If you need proof that “everything old is new again,” consider apprenticeships. They started in the early Middle Ages. Blacksmiths and cobblers took in young men (yes, men) and provided them with room, board and training in their craft. Leonardo daVinci learned painting through the apprenticeship system. Benjamin Franklin apprenticed as a printer and published Poor Richard’s Almanac before moving on to other endeavors.

Industries with a strong union presence, like building trades, have continued to offer apprenticeships. Ironically, the equation of “apprenticeship” with “union” has perhaps limited the spread of apprenticeships to other industries, like manufacturing, where they’re a natural fit.

Here’s what I love about the current notion of apprenticeship: They require employers to really analyze, understand and define the skills and aptitudes required for success on the job. That’s a stark contrast to many occupations where a vague assumption that someone with a college degree in a specified major will become a good fit after a couple of hours of on-boarding.

Of course, in the old days, the assumption was that staying on the job for three years, or five, or seven, would turn someone into a skilled craftsman, even without good supervision or formal training. Happily, those days are gone.

So why aren’t apprenticeships more popular? Why does the Minnesota Department of Labor and Industry’s goal of 1000 apprentices seem “aggressive” when many Minnesota colleges and universities have far more than a thousand freshmen cuing up every fall?

I think it’s because, oddly enough, a college degree seems like a “sure thing,” while an apprenticeship seems risky. Apprenticeships are only available to new and incumbent workers. You get the job first—an entry-level job, one that probably doesn’t pay much and doesn’t offer much intellectual challenge. You spend a few months proving that you have the aptitude, the commitment and the brains to follow a career path. Then you get into the apprenticeship track, and you put in three or five or seven years. Yuu work full-time and probably put in some class time at night or on weekends, before you get that coveted, nationally recognized certification.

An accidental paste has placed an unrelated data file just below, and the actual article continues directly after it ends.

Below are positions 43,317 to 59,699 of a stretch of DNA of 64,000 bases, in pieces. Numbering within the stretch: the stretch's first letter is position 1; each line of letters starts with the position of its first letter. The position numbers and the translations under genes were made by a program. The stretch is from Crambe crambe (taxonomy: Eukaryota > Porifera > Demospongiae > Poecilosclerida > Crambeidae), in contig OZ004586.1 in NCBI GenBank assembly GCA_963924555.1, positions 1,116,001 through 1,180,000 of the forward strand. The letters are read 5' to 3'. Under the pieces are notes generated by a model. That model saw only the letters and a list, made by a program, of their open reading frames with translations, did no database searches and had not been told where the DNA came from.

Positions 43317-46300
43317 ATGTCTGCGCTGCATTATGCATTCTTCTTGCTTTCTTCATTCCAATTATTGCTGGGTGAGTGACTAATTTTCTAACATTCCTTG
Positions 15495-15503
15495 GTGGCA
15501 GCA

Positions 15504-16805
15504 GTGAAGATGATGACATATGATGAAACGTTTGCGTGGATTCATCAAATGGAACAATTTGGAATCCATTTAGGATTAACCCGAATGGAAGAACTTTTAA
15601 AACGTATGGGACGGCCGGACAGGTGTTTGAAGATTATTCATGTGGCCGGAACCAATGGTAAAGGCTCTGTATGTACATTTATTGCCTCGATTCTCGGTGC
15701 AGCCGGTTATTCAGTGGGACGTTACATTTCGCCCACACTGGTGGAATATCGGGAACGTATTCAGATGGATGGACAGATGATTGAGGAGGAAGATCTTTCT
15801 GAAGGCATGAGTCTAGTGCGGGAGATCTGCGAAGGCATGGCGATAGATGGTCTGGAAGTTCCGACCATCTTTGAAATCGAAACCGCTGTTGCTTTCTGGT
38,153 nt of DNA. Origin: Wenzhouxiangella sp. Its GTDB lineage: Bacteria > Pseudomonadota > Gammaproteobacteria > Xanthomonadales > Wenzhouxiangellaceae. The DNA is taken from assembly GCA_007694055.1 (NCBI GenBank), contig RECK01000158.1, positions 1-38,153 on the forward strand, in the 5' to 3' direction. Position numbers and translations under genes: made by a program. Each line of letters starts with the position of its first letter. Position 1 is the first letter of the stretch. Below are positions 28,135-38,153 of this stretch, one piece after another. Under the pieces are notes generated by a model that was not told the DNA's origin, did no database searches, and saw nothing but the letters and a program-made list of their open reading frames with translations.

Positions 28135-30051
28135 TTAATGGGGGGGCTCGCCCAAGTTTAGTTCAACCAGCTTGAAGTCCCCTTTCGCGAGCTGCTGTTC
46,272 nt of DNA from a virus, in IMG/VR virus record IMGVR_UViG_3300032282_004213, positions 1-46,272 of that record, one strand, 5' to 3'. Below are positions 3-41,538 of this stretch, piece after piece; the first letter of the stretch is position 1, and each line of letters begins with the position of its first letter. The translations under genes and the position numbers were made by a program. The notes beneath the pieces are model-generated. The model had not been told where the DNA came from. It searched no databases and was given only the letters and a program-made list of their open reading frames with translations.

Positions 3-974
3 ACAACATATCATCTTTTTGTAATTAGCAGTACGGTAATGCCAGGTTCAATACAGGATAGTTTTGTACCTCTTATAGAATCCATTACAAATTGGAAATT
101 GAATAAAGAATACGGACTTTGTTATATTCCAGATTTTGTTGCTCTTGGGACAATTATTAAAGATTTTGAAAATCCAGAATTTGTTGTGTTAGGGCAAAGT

The thing is, you’re getting paid the whole time for the work you do. Employers often cover tuition, with the help grants from programs like Learn, Work, Earn or the Minnesota Apprenticeship Initiative. And as you work and study throughout the apprenticeship period, you’re moving gradually up the ranks in pay and job challenges.

Another limitation of some of the traditional apprenticeships is that they’re narrowly channeled. Say you complete two years of apprenticeship as a carpenter and decide you really want to be an electrician. You start at ground zero.

With apprenticeships in manufacturing, you have a range of career options that branch out from the journey worker certification. You can go into sales, management, engineering or quality control. And you’re likely to be better at any of those jobs because you had the hands-on experience.

Yes, I support the proposals now in place to make post-secondary education more affordable. But I wish we’d hear more about the paths to free education, including on-the-job training, that are already here.

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